As I headed out, I wasn’t quite sure which way to walk. I retraced the route that the cab driver took but eventually I was lost. Well, not really lost. Just…sorta lost. You understand. I found a street sign that directed me towards Ueno (which is where my hotel is at) so I just followed the street sign. Initially, it said 4km and after about an hour of walking, it said 3km. I was a little confused that I only traveled one kilometer on foot in an hour? I did manage to take a few photos while I was walking around. Since the fish market is located in Ginza, that’s mainly where I took my photos. There were lots of interesting things going on in Ginza. Since it’s like, a huge shopping area for women, there were some nicely dressed people in that area. I even saw the Ginza Bon Marche!
Here’s another picture of the downtown area:
When I finally gave up on walking, I hailed another cab and all I had to say was “Ichiro!” and the guy knew exactly where I wanted to go! Well, it wasn’t just like that, but I did mention Ichiro was at the Tokyo Dome. He got super excited and started laughing and saying “Go Mariners! Go Mariners!” I couldn’t help to laugh. It was truly a sight to remember. When I realized where I was at, finally, I asked the driver to stop and let me out. He thought I wanted to window down and when I flashed him a 1,000 Yen, he started to understand. I had about a quarter of a mile left to go until I reached the Tokyo Dome and I was super-exhausted (from lack of sleep) and I was so hungry! I wanted to try this burger joint at the Dome because Zack ate a hamburger there yesterday and it looked so delicious!
When I placed my order, I sort of confused the waitress. I ordered one cheeseburger and one hamburger with a glass of water and a glass of coke. She kept asking me if I was changing my order to a cheeseburger from a hamburger. It worked out in the end and this is what they brought out to me…
What? I’m an American! I eat and I eat a lot! I even got a couple of odd stares from people as I devoured both burgers. But let me tell you something. These two hamburgers were the best tasting, most flavourful, most juicy burgers I have ever eaten in my entire life. The meat was so, so fricken good! I can’t even put it into words how good they were. Of course, I had to pay an arm and a leg for them, but it was worth every Yen I shelled out for the meal. If you ever go to Japan, no matter where you go, get to the Tokyo Dome and visit this place! It’s so worth it.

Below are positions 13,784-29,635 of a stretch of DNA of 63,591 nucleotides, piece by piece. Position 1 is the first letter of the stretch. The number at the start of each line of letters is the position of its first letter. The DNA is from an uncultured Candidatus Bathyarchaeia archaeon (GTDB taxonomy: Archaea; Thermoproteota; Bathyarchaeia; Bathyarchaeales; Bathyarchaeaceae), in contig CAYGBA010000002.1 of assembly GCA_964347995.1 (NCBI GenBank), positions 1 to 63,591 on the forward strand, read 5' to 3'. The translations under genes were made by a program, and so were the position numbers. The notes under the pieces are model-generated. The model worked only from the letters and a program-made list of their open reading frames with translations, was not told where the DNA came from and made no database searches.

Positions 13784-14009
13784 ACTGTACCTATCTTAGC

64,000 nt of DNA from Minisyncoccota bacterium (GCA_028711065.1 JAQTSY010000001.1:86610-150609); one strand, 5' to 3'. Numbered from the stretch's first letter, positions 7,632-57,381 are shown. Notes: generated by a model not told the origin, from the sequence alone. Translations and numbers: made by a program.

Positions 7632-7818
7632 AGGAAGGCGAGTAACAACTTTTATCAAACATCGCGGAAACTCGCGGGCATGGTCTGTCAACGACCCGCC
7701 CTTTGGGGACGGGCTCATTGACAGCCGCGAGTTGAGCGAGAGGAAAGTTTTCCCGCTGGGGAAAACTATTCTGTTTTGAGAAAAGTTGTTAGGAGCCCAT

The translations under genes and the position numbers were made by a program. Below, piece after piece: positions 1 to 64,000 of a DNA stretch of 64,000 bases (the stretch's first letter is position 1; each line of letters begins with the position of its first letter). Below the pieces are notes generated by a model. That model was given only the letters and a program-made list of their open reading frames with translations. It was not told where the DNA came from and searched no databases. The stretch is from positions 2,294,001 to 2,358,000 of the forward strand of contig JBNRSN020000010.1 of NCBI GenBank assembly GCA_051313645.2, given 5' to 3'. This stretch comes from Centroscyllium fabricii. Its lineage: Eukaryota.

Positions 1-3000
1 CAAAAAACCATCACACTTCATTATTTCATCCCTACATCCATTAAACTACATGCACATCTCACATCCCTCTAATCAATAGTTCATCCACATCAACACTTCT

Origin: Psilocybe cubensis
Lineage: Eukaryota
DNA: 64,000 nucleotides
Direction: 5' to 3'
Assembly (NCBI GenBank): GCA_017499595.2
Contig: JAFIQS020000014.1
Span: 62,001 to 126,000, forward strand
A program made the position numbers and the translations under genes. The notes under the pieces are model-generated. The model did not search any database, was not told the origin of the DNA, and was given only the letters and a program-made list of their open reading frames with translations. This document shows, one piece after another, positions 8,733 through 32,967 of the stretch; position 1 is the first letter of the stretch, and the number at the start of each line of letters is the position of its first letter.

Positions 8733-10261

I waited for Zack after my delicious meal for about ten minutes at the train station and then ventured off to find him. I found him at gate 11 and we were already facing a problem. You see, he had my ticket to get into the stadium. Well, actually it was his that he loaned out to me to get in. He wanted the ticket stub back which was fine with me. But his ticket was for gate 25 and my ticket was for gate 22. Gate 22 is behind home plate and gate 25 is near third base. We both wanted to get inside the stadium via left field entrance like yesterday and the security guard was already checking tickets. I think they had so many people trying to get into gates they weren’t supposed to get into that the guards were practicing a little pro-active-ness. Which is fine. It just sucks a little. Zack and I wandered to gate 25 and waited in line there. And when the gates opened up, Zack got in and my playing dumb role like yesterday didn’t fool anyone today. The guard actually escorted me out of line and pointed to gate 22. “Gate 22! You go now!” he exclaimed. Wow. Okay, gate 22 it is!
Gate 22 was on the other side of the freaking stadium. I laced up my PF Flyers and booked it, I mean, booked it towards gate 22. I was flying, man. I’m telling you. I don’t know what it was, maybe the burgers, but my legs were pumpin`. I arrived at gate 22 with no line at all, they checked my bags, got the body scanner thing done, scanned my ticket, busted through the doors and hauled ass towards left field. I hit the brakes and made a bee line for the first row and started calling out to Brandon McCarthy for a toss-up when I got to left field. I lost maybe five minutes of batting practice at best, but the seats were filling up fast and I wanted to get on the board with at least one baseball as fast as I could. It wasn’t until the last few minutes of the Athletics portion of batting practice did I score my first baseball. I was able to get it via a new technique I made up on my own. It’s called “crow-hawking.” Basically, I let others call out to the players for a baseball and I kind of judge where the baseball might be tossed to from the player, line up behind that group of people and wait for the bobble or the dropped baseball, then I snatch it up! And that’s sort of what happened but with a BP home run ball. The ball caromed off the bleachers and bounced down to the first row of people, it bounced around, and I eventually got my hands on it. Possession! It counts! unfortunately, security was hot on it and as soon as I turned to run away, he was standing there asking for it. I couldn’t even get a picture of the baseball. And that’s why yesterday I really didn’t try for any BP home runs. I want documentation!